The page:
NEW ORLEANS — The Original Big 7 Social Aid and Pleasure Club will parade again in New Orleans on Mother's Day, undaunted by the memory of a mass shooting that brought an abrupt and bloody end to the neighborhood procession two years ago.
Nobody was killed but 19 people, including two children, were struck by bullets and another was injured in the resulting rush to get away from the gunfire that interrupted the traditional neighborhood "second-line" parade in New Orleans' 7th Ward.
"God is going to bless us with a great Sunday," Ed Buckner, president of the club, said in an interview ahead of the parade.
Social Aid and Pleasure Clubs in New Orleans' African-American communities date back to the 19th century. They perform community services and work to sustain cultural traditions. One such tradition is the second-line parade in which members, often dressed in brightly colored suits, ties and hats, march and dance through the streets accompanied by a brass band. Crowd members often fall in behind, forming a second line of marchers.
Buckner says the Original Big 7, formed in the 1990s, has about 40 members. Police said about 400 people were in the area when the 2013 shooting occurred at an intersection of narrow streets.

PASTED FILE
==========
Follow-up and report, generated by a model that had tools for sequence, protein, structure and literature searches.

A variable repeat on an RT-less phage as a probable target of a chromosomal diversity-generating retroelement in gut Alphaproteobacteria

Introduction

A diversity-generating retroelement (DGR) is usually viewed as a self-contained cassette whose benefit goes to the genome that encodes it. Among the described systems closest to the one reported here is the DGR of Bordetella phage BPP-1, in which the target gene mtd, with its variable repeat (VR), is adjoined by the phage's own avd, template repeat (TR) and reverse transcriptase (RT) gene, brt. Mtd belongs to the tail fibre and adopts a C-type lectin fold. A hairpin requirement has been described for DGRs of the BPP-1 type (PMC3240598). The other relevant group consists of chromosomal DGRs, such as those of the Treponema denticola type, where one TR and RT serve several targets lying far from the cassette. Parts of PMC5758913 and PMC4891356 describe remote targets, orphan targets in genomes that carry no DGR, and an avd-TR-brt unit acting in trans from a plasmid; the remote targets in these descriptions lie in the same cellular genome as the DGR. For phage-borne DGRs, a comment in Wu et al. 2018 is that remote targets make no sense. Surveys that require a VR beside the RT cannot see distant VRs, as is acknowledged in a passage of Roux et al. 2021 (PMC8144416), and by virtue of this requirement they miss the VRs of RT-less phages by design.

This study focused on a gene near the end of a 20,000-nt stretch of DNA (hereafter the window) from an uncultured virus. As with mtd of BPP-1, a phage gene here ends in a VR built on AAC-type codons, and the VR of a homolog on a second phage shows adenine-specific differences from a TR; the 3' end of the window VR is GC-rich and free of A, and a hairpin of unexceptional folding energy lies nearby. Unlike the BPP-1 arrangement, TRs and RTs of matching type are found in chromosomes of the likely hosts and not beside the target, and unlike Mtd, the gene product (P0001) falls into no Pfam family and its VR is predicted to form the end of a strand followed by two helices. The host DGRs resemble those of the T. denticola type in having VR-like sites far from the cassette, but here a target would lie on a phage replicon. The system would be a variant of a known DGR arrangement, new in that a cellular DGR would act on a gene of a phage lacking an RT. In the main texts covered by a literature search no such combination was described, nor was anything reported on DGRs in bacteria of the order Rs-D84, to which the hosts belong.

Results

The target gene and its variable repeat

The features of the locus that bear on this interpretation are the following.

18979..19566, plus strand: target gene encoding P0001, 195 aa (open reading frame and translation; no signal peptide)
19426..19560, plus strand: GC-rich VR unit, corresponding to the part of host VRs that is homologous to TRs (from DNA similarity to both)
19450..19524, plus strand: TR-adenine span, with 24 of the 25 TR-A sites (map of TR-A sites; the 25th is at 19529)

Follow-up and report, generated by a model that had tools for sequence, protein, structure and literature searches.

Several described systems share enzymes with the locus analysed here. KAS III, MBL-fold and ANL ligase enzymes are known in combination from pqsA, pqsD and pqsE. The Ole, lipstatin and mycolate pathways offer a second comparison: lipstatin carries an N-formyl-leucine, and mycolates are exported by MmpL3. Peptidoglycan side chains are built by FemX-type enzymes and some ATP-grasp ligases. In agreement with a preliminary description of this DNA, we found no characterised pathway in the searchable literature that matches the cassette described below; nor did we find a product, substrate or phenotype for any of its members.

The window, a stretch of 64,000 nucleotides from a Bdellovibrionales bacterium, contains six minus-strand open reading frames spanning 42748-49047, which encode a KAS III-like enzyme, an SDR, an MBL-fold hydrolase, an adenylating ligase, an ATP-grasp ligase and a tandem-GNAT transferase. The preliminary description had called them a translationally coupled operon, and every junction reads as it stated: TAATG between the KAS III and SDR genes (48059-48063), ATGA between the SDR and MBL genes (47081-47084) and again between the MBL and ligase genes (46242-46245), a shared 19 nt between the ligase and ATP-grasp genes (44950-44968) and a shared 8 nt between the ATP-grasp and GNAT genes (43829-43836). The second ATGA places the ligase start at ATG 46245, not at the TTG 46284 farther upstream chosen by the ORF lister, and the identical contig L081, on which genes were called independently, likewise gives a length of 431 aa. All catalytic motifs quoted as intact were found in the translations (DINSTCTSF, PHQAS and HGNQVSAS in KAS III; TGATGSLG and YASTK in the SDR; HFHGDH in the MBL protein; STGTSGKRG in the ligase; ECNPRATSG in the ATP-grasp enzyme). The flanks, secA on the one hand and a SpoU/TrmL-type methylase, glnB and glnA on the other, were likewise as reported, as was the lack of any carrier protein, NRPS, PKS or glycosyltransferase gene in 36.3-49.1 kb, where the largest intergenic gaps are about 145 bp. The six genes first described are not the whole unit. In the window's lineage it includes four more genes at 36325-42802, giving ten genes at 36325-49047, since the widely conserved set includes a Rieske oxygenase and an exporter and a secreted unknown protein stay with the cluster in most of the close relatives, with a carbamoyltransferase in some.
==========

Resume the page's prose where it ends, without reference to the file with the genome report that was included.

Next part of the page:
For all the fear and pain the shooting caused, Buckner said, it also served to drive community support for the Big 7 and for the culture of the second.
"People know that the folks in the second-line culture — that's not a part of that violence," Buckner said.
Surveillance video caught a blurry image of one shooter after the 2013 violence. Two brothers — Akein (ah-KEEN) Scott, then 19; and Shawn Scott, then 24 — were arrested within days.
Police said early on that the gunfire was believed to be the result of gang activity. Federal authorities eventually took over the prosecution and now the highly publicized Mother's Day shooting is one element of a 24-count indictment naming the two brothers and seven others as participants in a racketeering enterprise that some older members were a part of as long as 14 years ago. The alleged crimes included food stamp fraud, cocaine and heroin dealing, illegal weapons possession and attempted murder.
The alleged Mother's Day shooters were among "gunmen for the enterprise," the indictment alleges. And it lists the initials of 20 suspected targets of the gunfire that took place on Mother's Day, May 12, 2013.
Two of the defendants have pleaded guilty in the case. Six who pleaded not guilty remain scheduled for trial in July, although a change of plea hearing is set for Wednesday for one of them.
Police, meanwhile, are promising a "strong and visible presence" on Sunday as Buckner works with his club to keep the neighborhood parade tradition alive — just as he did when he rescheduled the 2013 parade weeks after the shooting, and when the Big 7 hit the streets again on Mother's Day 2014.
"It's always been about celebrating the mothers in the community," Buckner said. "We're always thinking about them."
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